Ed 2014 – Siddhartha the Musical

Venue –   The Assembly Rooks, George St, The Music Hall

I thoroughly enjoyed this musical, it was very professional, well sung particularly Paolo Gatti who played both the King and the merchant, a La Scala standard Bass-Baritone if ever I heard one. It was a very handsome cast (my wife was very much taken by Siddhartha, an obscenely good looking young man who fortunately could both act and sing) and I much admired their physicality in both dancing and moving. The narrator, Michael Nouri, was instantly recognisable, from Channel 5’s NCIS,  and had a fine voice ideally suited to his role.

The finale was very uplifting and numerous members of the audience were stood dancing and clapping. However, there was a problem. I have read Siddhartha twice, once 30 years ago and the second time last year and in many ways it’s not a happy book. The “all we need is love” theme posited by this musical is not there in Hesse’s writing and the Buddhistic message from the book is much more downbeat.  But what the hell! Who wants to be miserable and quite simply adhering to the actual text, would not have worked.  Far better, to use some dramatic licence and produce a performance that had people rocking in their seats.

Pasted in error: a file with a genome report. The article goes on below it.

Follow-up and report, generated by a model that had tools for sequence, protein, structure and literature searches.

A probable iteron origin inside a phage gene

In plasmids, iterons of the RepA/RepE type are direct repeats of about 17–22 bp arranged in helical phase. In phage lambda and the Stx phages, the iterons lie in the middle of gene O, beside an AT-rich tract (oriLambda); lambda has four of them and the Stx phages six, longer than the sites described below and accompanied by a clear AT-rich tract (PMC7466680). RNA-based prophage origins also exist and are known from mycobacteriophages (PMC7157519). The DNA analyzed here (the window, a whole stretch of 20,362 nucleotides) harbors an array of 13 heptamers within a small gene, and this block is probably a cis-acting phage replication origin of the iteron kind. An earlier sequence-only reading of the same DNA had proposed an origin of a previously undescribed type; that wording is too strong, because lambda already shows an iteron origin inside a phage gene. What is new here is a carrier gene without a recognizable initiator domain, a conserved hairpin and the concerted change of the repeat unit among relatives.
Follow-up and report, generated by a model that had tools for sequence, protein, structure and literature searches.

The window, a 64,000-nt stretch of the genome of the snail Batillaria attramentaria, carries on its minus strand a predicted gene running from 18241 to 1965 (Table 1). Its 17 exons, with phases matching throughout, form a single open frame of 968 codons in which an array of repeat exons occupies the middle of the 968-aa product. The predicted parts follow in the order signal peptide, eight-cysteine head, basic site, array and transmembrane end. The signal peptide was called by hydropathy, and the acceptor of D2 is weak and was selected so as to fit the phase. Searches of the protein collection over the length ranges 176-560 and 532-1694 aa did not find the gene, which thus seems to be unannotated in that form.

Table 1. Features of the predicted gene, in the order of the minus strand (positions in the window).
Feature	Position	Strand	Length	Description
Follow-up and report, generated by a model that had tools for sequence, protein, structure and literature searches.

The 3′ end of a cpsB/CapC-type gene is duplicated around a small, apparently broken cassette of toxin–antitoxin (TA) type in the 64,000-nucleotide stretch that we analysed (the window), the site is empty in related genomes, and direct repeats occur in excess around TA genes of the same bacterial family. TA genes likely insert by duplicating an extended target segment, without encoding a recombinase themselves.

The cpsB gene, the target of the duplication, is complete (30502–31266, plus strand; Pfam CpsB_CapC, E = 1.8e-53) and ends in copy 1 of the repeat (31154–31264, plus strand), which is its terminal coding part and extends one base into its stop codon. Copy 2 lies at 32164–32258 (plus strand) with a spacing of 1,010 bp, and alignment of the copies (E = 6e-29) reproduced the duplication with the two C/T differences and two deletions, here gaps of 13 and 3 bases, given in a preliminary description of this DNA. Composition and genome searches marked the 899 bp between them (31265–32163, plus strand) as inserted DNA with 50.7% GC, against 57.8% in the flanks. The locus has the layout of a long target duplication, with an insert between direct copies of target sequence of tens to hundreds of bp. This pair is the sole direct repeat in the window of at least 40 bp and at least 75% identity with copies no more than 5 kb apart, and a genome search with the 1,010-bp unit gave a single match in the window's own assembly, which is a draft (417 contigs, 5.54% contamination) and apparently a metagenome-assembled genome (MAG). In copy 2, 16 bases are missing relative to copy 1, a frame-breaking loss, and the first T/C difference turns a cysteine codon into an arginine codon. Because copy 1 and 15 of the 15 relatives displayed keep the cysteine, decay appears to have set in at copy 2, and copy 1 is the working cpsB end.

I must admit, I loved it!

2 thoughts on “Ed 2014 – Siddhartha the Musical”

  1. Interesting. Hesse was probably the most influential author of my adolescence but, like you, I’d struggle to find a simplistic, all you need is love message within this very profound account of an individual’s search for meaning. I’m intrigued to know about the music used in the production – was it overtly “Eastern” and was it instrumental or vocal?

    1. The music was modern, vocal and instrumental or should I say electronic but very good elctronic with eastern influences. It was like a giant karaoke track that lasted an hour and a half. The original idea came from a set of prisoners in an Italian jail and it grew from there. The plot was essentially Hesse but the sentiments were more Californian circa 1968. Regardless, I still enjoyed it

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